Becoming a sports star is not easy. Hours of training are needed to become elite in your field. But many stars then want to try something new. Here are five that also tried music
Five Sports Stars That Tried to Be Music Stars Too
Figure 1 There are plenty of sports stars that think they can sing too
Being an elite athlete is tough. There are the many hours of training and practice that are required to keep you at the top of your game. But there can also be a lot of downtime that you have to fill looking after your body but not getting bored.
It is not surprising that a lot of sports stars turn to music. But when they try their hand at singing or rapping the result is not always as ‘elite’ as their performances on the field or court. Here are five stars that are more used to attention from the Vegas sportsbooks than the music charts.
NBA legend Shaquille O’Neal is one of the biggest names in basketball of the late 20th century. His size and skills made him a household name – and brought him four NBA championships, three NBA MVP awards and he was a 15-time NBA All-Star. But he also did pretty well behind the mic as well.
It is a matter of personal opinion whether or not you think Shaq Diesel had flow, but there is no denying that his personality and popularity earned him some impressive record sales. A semi-official member of rap crew the Fu-Schnickens at one time, Shaq went on to turn his hand to DJing as well.
This Texas native became arguably the greatest ever US export to the EPL in England, where his performances for Fulham and Tottenham Hotspur earned him rave reviews and an international career that spanned 141 appearances for the USMNT – including three FIFA World Cups.
But he also recorded a promotional track for the 2006 World Cup under the name Deuce alongside fellow Texas rappers XO and Big Hawk. The result was actually not too bad and showed a sensitive side that wasn’t always evident out on the field of play during his career.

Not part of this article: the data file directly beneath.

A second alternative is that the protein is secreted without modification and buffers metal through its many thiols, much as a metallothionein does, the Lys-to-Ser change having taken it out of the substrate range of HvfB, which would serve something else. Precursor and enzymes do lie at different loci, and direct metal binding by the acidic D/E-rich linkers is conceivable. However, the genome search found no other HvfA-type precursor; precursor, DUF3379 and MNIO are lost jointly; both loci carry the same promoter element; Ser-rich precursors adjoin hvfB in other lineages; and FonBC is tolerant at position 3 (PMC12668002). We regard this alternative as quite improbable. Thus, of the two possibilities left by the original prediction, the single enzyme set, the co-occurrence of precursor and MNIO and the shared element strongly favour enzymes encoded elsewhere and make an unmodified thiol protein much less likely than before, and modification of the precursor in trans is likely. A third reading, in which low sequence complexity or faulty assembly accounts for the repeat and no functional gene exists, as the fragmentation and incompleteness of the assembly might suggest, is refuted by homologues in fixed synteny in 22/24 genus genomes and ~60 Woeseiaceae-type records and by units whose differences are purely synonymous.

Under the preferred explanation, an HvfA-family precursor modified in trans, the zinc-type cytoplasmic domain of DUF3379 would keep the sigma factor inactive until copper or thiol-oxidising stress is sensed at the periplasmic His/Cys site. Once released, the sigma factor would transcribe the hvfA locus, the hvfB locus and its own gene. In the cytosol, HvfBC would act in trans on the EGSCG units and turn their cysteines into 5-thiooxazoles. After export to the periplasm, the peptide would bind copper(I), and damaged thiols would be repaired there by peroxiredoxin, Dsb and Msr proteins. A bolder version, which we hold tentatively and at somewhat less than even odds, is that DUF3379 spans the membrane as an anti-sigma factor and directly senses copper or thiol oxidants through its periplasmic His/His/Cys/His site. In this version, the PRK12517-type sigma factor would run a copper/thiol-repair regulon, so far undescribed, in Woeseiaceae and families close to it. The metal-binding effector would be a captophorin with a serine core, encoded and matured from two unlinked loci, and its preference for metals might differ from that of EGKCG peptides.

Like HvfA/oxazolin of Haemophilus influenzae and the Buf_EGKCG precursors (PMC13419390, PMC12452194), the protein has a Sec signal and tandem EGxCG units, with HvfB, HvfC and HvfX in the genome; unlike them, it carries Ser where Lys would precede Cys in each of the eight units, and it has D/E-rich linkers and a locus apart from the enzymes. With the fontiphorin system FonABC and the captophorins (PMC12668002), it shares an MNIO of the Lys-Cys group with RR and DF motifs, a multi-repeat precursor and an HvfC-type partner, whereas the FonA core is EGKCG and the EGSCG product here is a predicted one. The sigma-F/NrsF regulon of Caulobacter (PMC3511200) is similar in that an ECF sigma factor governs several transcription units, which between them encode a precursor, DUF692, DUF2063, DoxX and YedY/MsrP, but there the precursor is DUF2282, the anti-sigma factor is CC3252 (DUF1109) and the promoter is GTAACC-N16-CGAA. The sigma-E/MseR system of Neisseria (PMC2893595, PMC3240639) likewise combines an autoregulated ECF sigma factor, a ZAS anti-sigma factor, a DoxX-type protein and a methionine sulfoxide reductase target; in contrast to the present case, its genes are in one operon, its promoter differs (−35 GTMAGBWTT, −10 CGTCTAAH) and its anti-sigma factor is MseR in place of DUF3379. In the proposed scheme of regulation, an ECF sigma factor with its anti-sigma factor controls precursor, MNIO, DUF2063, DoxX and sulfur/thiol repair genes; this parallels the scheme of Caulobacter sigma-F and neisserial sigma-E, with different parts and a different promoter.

Arroyo is probably best known for having New York Yankee Alex Rodriguez knock a ball out of his glove in Game 6 of the 2004 ALCS. That struck off a run by Derek Jetter and the Boston Red Sox went on to win the World Series with Arroyo making his own contribution on the mound.
Perhaps thanks to that attention, Arroyo recorded the imaginatively titled Covering the Bases album a year later. This collection of grunge covers did well in the Boston area at least and he later teamed up with some other Red Sox teammates and the Dropkick Murphys on a track.
Figure 2 Music crowds haven’t always been as appreciative as sports crowds for these five
Neon Deion was one of the most extravagant football players of the 1990s and ended up becoming a two-time Super Bowl champion in an illustrious career. His antics enraged and excited fans in equal measure and it was always likely that he would continue to attract the headlines off the field.
But his dip into the music industry didn’t go quite as well. As a friend of the legendary MC Hammer, Sanders released Prime Time, a rap album that was universally panned by the critics. Although Sanders was incredibly popular his music wasn’t – and the album failed to chart.
This former Formula 1 champion and Indy 500 winner is the son of a famous racing driver, so it was always going to be the case that he would have some kind of success on the track. But it was when his racing career was ending – and he wasn’t sure that his contract would be renewed – that Villeneuve took to music in a big way.
The French-speaking Canadian wrote and recorded most of the songs on an album of acoustic rock that unfortunately didn’t go down too well with music fans. Even Father, a tribute to his own dad, failed to gain appreciation outside the Quebec pop charts.
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